O Lord our Lord, how majestic in your name in all the Earth! These words best describe the extent of my experience in Tuvalu, islands of pristine beauty and grandeur. The land, surrounded by the enormity of the Pacific Ocean, is a telling reminder that the world’s eyes are on Tuvalu as a place to be enveloped by the rising sea levels, the impact of climate change, within a matter of years. And yet the people of Tuvalu, led by the Rt Honourable Prime Minister, are defiant in their determination that they will not succumb to such predictions and that they will not allow fear to interfere with their capacity for hospitality nor their resolve to save Tuvalu.
“Save Tuvalu, save the world” is the relentless cry of the Tuvaluan people. They believe that if the international community will make good on their public pronouncements about climate justice, then they must make Tuvalu a practical and positive case study in climate change mitigation, such as land reclamation, coastal protection and sustainable living for the people of Tuvalu. Whilst “Save Tuvalu, save the world” is the song of the Tuvaluan people, they are not sitting, waiting for the international community to heed their call. Indeed, there are signs everywhere of robust interventions by the government and people of Tuvalu to protect the coastlines, reclaim land and bolster the hope and confidence of their people. The newly erected bungalows, in which I was accommodated, courtesy of the Prime Minister, are situated on reclaimed land, a testimony to the tenacity and determination of Tuvalu and an audacious statement that they will not sit back and wait to be swallowed up by water.
I landed in Funafuti on Thursday 16 August, and was warmly greeted with the characteristic hospitality and graciousness of the people of Ekalaisia Kellisiano Tuvalu (EKT) and the wider community of Funafuti. This welcome did not come by surprise, as I have grown accustomed to this kind of generous and extended welcome in the Pacific; and my first visit to Tuvalu four years ago, reminded me that I should expect no less. However, it was very special and meaningful to me to experience the love and care of the people and to observe the cherished place of CWM in their consciousness. The days that followed, with meetings with leadership of the State and Church, opened my eyes to the power of partnership so very evidenced in the way the Church and State cooperated, while keeping their roles distinctively defined and segregated. In the Fogafale (meeting place), where we gathered for daily meals, the whole community comes together and the indigenous traditional culture comes alive. In the words of the prime minister, at the closing farewell function, “such gatherings are known to produce many mad people, such as you (referring to me)”, intoxicated by the spirit of the traditions and the energy of the music and dance.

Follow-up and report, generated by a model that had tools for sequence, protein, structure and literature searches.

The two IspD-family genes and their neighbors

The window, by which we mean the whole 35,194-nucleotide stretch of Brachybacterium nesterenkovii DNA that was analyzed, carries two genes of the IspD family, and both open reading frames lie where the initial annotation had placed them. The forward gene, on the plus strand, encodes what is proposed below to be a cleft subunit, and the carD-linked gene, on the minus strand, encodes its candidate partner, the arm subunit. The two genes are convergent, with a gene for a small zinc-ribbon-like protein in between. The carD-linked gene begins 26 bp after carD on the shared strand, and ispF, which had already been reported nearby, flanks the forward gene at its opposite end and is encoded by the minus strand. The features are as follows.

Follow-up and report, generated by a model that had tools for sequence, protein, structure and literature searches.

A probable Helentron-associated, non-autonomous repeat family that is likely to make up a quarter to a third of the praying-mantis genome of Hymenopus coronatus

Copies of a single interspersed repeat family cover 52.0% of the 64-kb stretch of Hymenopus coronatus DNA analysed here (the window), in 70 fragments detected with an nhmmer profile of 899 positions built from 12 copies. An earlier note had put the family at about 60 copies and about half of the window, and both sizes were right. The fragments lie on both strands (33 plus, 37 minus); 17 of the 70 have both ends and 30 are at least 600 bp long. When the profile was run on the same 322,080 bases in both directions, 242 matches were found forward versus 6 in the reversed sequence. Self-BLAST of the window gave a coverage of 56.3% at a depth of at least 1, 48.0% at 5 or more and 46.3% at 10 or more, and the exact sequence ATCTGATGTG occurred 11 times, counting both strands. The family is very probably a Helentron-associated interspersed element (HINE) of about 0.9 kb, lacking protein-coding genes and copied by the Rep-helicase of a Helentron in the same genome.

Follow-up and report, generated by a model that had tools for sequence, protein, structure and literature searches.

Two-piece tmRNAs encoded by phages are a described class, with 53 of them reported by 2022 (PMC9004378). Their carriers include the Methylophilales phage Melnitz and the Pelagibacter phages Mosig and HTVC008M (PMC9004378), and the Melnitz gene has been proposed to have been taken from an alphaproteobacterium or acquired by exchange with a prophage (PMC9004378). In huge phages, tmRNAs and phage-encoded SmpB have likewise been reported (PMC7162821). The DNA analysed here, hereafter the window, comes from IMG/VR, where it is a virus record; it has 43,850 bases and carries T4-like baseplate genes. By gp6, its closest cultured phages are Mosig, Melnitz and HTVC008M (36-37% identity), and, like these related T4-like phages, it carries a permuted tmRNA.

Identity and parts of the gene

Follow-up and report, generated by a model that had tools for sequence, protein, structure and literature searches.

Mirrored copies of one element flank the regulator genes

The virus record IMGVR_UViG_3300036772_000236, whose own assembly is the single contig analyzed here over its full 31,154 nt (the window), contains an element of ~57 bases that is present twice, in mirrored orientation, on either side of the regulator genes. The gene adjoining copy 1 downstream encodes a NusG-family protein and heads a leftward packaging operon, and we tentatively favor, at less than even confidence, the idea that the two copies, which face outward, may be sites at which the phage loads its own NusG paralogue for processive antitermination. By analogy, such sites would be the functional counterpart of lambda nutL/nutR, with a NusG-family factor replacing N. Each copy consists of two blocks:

My conversation with the Church leaders provided clear lenses through which to view the work of EKT and to engage with their struggle and search for meaning and relevance in their context. This meeting of their General Assembly will elect and appoint new leadership for the Church under a proposed revamped staffing structure to allow for tighter fiscal management and more cost-effective use of resources. My visit provided an opportunity to celebrate the leadership of Rev Tafue Lusama, CWM Director and former General Secretary of EKT, who is now on study leave pursuing his PhD in climate justice at the Pacific Theological College. It was also an opportunity to share information about CWM, including a call for support of our 2020-2029 strategic planning process. CWM is etched in the consciousness of the Tuvaluan people, with over 80% of the population being members of the EKT. So significant is CWM in the consciousness and regard of the people that His Excellency the Governor General of Tuvalu took time from his busy schedule to attend the session of the Assembly where I was making my presentation on CWM; and at my farewell function the Governor General and First Lady, the cabinet, parliament and diplomatic Corp were all present. What a spectacle of welcome, appreciation and affirmation!
And finally, I said my prayers in Tuvalu. In the middle of the Pacific Ocean, with no life jacket in the little speed boat that carried me from Funafuti to Funafala, surrounded by the beauty of the Earth, I felt ready to make peace with my Maker, the God of life. So I said my prayers, borrowing words from Simeon – “Sovereign Lord, as you have promised, you may now dismiss your servant in peace. For mine eyes have seen…” (Luke 2: 25-30, NIV). There on the high seas, the Assembly theme of EKT, “ Sailing with Christ in the currents of change”, impacted me in a most profound and life-transforming way. I realised that the answer to the fear of the disciples, on the stormy seas (Mark 4: 35-41), was wrapped up in their own reflective question (“who is this?” :41), as Jesus responded and restored calm to the sea (: 39). I conceded that the predictions of science and the prophecies of religion are all subjected to the plan of God. That is faith at work, my Tuvaluan encounter and experience.